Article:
Our Story.

 In early 2017, Dr. Nico Christofi followed his wife to Uganda, where she was sharing her knowledge and training as a midwife. Curiosity about the local health system led Nico to hitch rides with a local researcher to visit health centres in the area, meeting fellow physicians along the way.  Dr. Nico saw first-hand how the drug-shortages and stock outs were affecting the well-being of patients and the capability of health providers to do their job.

 During a meeting at a rural, Level 4 Health Clinic, his colleague, Surgeon Dr. Bernard was called out to perform an emergency C-section. Nico watched as Dr. Bernard looked for sutures to begin surgery. There weren’t any.  He had to get on a boda boda, or motorbike taxi, and first drive to the District Health Office to obtain signed authorization to take sutures from another clinic. Then he had to drive to other health centres until he found one with equipment they could spare, fill out more paperwork and drive them back to his clinic, where he was finally able to perform the C-section on the waiting mother.

Dr. Nico saw this happen many times over his visit – sometimes a shortage of medicine, sometimes equipment – always affecting the care that health providers were trying so hard to provide. Inefficiencies in the medicine distribution and stock management systems were and are causing loss of productivity and deaths that are preventable.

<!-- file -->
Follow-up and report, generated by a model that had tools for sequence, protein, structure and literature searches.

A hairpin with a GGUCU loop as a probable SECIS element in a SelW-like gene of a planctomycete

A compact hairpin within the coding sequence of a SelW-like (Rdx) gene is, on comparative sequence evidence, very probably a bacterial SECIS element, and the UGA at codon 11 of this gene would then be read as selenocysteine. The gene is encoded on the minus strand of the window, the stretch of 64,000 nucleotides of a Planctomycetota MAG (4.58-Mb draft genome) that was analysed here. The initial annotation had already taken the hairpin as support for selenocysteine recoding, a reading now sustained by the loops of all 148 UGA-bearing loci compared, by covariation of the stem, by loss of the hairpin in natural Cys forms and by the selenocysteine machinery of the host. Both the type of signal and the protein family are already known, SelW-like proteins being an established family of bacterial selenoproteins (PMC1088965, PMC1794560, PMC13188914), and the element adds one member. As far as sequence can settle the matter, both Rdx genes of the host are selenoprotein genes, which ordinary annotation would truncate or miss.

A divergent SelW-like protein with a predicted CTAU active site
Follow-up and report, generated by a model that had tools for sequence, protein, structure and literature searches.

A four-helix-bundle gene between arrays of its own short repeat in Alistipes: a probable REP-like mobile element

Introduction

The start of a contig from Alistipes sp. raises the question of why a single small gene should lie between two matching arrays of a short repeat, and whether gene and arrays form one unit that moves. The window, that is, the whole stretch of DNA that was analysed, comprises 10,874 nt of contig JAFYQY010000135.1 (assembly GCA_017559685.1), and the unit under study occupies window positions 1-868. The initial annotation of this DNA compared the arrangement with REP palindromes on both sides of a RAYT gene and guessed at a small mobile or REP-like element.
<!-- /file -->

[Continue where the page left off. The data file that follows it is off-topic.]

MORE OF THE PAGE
People are suffering and dying due to poor access to life-saving drugs.

Left: Empty shelves in a Health Centre store. Stock-outs are all too common.

Back home, he was determined to use his medical and technical background to do something for the health providers and patients he had met. The first step was to thoroughly understand the issues and challenges these communities faced and to determine the best and most collaborative way to find solutions. Dr. Nico and a research colleague returned to Uganda to map out workflows and document where the opportunities for change actually existed.

Working with the 42 Health Centres in the district, they convened 17 heads of those centres to discuss their unique challenges. What solutions could be found that were not simply a rejig of systems used in Europe and North America? What were the projected health care demands on Mbale District? How could they develop the most advanced, sustainable and functional medical distribution system?


Together, they imagined what a ‘future state of health care’ could look like.

Left: A Health Centre Level III on the slopes of Mount Elgon.

Dr. Nico returned to Canada with a mandate to develop recommendations based on this fact-finding visit. He met with Bryan Plummer and Willem Atsma. Bryan, a 12-year veteran of the international NGO sector, had worked on programs, interventions and solutions in developing countries. Willem, an engineer, scientist, inventor and developer, had expertise in embedded software systems, machine learning and requirement engineering, and years of interaction with clinical professionals in the area of healthcare delivery. Nico’s passion was contagious. All three were primed and ready to think creatively and build solutions from the ground up. And they saw a clear opportunity to do good.

SIGNALYTIC was born.